Prime Minister Fumio Kishida is considering forgoing a plan to visit Brazil and other Latin American nations in January amid a political fundraising scandal involving his party's biggest faction, a government source said Sunday.

The move comes as Kishida, who doubles as the head of the ruling Liberal Democratic Party, needs to pull together his political foothold following allegations that the faction created hundreds of millions of yen in slush funds in recent years through undeclared revenues earned from fundraising parties.

Kishida was expected to make his first visit to Latin America as prime minister in January, as Tokyo seeks to enhance cooperation with developing and emerging countries in dealing with global issues. The trip was expected to last about 10 days.

In the wake of the scandal, Kishida, who was already struggling with sluggish Cabinet approval rates, has vowed to create a new organization inside the party to push for reforms such as improving the transparency of political funds.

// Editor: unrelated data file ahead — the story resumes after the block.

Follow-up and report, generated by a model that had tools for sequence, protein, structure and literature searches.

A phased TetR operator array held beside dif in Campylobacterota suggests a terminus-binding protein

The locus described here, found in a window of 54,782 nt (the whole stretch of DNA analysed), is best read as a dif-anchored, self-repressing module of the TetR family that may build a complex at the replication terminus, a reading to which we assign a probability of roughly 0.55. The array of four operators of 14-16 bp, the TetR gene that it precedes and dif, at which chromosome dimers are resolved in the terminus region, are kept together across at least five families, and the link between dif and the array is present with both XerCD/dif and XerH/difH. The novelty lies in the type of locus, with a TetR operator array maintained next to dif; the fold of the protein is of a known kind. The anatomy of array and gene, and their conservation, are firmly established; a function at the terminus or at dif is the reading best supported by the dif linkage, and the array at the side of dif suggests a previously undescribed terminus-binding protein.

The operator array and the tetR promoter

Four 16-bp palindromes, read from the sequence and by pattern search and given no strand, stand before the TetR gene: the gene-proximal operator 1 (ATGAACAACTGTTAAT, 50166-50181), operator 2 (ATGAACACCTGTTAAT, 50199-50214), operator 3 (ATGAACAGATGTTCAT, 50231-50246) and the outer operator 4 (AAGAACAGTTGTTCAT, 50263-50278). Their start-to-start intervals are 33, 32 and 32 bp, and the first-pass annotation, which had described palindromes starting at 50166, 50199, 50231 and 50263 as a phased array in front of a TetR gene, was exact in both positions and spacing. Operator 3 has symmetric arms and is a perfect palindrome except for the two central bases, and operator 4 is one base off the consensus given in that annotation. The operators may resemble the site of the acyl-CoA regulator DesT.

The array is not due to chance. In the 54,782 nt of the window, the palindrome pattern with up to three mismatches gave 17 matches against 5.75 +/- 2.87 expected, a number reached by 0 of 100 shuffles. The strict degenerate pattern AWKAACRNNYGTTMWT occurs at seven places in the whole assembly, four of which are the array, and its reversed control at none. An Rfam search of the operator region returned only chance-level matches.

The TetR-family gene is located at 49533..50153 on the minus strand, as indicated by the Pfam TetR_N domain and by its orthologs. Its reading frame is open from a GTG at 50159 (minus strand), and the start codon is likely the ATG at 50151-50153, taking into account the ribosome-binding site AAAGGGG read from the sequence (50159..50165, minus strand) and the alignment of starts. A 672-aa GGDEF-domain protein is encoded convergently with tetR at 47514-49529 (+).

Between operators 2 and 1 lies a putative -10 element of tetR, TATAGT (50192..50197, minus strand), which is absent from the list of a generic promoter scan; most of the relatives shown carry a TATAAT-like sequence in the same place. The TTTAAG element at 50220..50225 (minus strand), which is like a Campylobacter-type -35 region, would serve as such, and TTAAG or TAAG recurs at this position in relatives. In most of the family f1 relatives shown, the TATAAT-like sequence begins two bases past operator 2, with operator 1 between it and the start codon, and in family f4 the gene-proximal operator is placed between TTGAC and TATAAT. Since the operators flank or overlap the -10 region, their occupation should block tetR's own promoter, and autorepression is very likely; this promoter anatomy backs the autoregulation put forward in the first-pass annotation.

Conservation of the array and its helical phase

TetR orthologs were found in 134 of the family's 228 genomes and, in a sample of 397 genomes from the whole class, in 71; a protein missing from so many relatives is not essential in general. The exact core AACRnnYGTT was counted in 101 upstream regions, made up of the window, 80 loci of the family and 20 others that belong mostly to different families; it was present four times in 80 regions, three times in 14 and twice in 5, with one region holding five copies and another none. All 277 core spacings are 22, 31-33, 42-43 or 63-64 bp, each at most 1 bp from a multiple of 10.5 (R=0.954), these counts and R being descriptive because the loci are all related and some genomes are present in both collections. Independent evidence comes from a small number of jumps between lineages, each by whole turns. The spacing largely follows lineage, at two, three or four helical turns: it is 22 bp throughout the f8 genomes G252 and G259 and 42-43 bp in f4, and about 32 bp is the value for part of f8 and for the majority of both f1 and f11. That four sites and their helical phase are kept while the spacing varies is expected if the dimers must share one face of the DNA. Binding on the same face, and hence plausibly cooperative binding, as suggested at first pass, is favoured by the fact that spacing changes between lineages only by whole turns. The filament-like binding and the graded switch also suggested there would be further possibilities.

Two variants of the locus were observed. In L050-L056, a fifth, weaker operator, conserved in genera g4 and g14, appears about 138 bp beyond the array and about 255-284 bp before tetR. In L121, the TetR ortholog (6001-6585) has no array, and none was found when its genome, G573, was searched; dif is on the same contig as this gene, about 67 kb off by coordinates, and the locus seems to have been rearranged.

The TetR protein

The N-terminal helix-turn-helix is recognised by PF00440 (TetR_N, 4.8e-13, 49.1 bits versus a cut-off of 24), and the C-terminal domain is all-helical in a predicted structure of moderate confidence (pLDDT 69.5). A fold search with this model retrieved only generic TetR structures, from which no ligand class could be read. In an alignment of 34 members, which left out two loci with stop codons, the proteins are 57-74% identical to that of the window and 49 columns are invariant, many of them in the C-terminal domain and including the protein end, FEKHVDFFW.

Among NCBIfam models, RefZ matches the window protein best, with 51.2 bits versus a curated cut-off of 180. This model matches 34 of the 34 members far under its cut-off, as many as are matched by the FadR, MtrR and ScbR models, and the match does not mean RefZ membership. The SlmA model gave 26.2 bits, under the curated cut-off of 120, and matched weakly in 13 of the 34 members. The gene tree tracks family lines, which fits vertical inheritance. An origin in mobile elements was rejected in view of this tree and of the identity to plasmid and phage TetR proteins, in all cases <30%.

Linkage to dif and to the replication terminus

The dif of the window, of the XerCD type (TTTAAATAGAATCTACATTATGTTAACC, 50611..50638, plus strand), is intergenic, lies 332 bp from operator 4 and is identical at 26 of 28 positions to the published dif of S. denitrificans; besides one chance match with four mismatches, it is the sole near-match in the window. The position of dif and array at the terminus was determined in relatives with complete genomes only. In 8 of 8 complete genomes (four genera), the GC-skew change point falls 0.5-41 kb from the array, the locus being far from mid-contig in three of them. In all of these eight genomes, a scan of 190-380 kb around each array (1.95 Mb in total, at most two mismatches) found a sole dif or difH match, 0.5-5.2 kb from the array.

Traveling abroad could have put the talks on reforms on hold and could have drawn criticism from the public.

Prosecutors have been questioning veteran LDP lawmakers suspected of having a role in the fundraising scandal on a voluntary basis, including former Chief Cabinet Secretary Hirokazu Matsuno and former trade minister Yasutoshi Nishimura.

The LDP faction that is heavily under scrutiny is the one previously led by former Prime Minister Shinzo Abe.